All of this court action is disruptive and may cause problems with timely printing of the fall election ballots. But it’s little wonder that the GOP’s blatant political gamesmanship was challenged. It should be. The constitutional amendments are deliberately designed to deceive voters and were conceived in the dark. Every one of them should be rejected — by the courts or by the voters. The people of North Carolina deserve an open, honest discussion of all constitutional amendments, and ballot questions written in ways that fully explain the implications of the amendments.
The best fate for this crop of amendments is a swift trip to the trash.
News & Record: Let’s lower the curtain on the N.C. General Assembly’s bad show
By the Editorial Board
August 7, 2018
In courtrooms in Raleigh this week judges are hearing arguments they shouldn’t have to hear. Gov. Roy Cooper, the NAACP, Clean Air Carolina and a couple of judicial candidates — one for the Supreme Court — are arguing for various reasons that some or all of the amendments placed on the ballot this fall by the General Assembly should be removed from the ballot and that all judicial candidates’ party affiliations should be on the ballot.
This is political and judicial theater that is both comedy and tragedy but, more importantly, a show that should not have taken the stage in the first place.
First, this is a really bad script: These six potential amendments to the state’s constitution — two taking appointments from the governor, one requiring voters to produce IDs, one to lower the state’s income tax ceiling, one about rights for crime victims and one to be sure you know hunting and fishing are a right — are not worthy of constitutional status. You will hear and read that dozens of times between now and Nov. 6. They shouldn’t be on the ballot.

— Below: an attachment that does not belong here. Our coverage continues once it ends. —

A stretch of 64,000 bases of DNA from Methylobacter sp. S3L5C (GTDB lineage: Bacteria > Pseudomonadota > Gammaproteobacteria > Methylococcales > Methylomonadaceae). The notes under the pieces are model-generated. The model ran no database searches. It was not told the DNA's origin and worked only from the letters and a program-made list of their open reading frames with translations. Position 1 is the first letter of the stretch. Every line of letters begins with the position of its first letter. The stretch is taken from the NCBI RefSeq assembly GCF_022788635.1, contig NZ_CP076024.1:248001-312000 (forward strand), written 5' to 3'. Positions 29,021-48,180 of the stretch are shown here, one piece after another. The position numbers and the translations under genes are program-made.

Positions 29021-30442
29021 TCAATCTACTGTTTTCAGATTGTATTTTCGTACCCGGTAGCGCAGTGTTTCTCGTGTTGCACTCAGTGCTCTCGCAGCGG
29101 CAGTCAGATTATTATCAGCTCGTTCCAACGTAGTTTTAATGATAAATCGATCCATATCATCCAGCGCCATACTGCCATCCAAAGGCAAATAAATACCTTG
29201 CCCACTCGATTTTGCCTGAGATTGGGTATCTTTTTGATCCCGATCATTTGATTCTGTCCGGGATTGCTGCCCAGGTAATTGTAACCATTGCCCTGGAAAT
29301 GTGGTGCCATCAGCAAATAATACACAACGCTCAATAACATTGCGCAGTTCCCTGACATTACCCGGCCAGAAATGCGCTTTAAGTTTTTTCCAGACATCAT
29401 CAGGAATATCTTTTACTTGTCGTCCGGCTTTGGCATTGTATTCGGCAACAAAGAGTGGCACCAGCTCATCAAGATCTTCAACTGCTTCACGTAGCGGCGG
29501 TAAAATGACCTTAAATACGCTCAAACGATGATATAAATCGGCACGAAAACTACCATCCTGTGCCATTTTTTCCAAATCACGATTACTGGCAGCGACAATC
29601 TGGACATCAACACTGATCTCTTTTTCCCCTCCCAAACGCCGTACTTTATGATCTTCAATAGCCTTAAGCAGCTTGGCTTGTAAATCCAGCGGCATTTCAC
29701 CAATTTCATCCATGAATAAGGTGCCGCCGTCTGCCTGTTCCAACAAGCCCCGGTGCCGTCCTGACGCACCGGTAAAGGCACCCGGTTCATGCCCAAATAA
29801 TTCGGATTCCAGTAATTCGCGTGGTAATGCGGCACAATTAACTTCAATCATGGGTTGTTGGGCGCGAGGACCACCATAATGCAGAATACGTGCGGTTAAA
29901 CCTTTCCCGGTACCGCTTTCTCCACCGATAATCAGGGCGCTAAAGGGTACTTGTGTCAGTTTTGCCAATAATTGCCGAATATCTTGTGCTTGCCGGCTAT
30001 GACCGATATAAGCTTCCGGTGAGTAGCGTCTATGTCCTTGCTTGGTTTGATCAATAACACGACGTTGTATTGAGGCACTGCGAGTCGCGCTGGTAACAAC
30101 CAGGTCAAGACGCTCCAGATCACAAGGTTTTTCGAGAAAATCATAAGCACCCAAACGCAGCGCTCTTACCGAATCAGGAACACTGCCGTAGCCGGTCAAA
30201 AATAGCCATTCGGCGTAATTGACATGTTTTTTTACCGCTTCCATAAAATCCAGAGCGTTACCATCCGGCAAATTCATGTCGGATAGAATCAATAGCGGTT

The cast: Republicans who dominate the General Assembly, led by Senate leader Phil Berger (R-Eden) and House Speaker Tim Moore (R-Kings Mountain), play villainous roles for their tricks and manipulations. Cooper, a Democrat, tries to be a hero, but he is often wounded in battle. Supreme Court candidate Chris Anglin and Wake district court candidate Rebecca Edwards are supporting actors.
Bad acting: There are plenty of ham-handed performances and ugly scenes, such as Republicans introducing these amendments in the last week of the general session, without public debate. Then there was the commission created by statute to write ballot descriptions for these amendments. Legislators rushed back into session to change the law so that they, not that commission, would write those descriptions. When Cooper vetoed that bill, lawmakers returned Saturday to override that veto. That generated the various lawsuits, which argue that those efforts mislead voters with imprecise wording.
Direction: But wait, the amendment language wasn’t sufficient to require a special session, so lawmakers threw in a 2-for-1 deal for ticketholders: They passed a law removing the party designation for judicial candidates who switched parties within 90 days of the filing deadline. This appeared targeted at Anglin, a Democrat-cum-Republican in a three-person field, and Edwards, who switched to Democrat. Lawmakers had directed judicial races to be partisan and held without primary elections.
The reviews: The rushes on this “dramedy” are based on the calendar. Today is the deadline for language on constitutional amendments to be approved and for candidates to drop off ballots, which are to be mailed on Sept. 7. Whatever merit judges give these claims must be decided quickly. Anglin already has been granted a hearing for Monday on whether his rights were violated. His argument appears to have merit.
The outlook: This production can’t be allowed to tour polling places across North Carolina. Bad ideas introduced without public input always create bad policy. Individually targeted legislation is simply unconstitutional. This should be curtains, but maybe there is a future for an adaptation of this production — on the Game Show Network.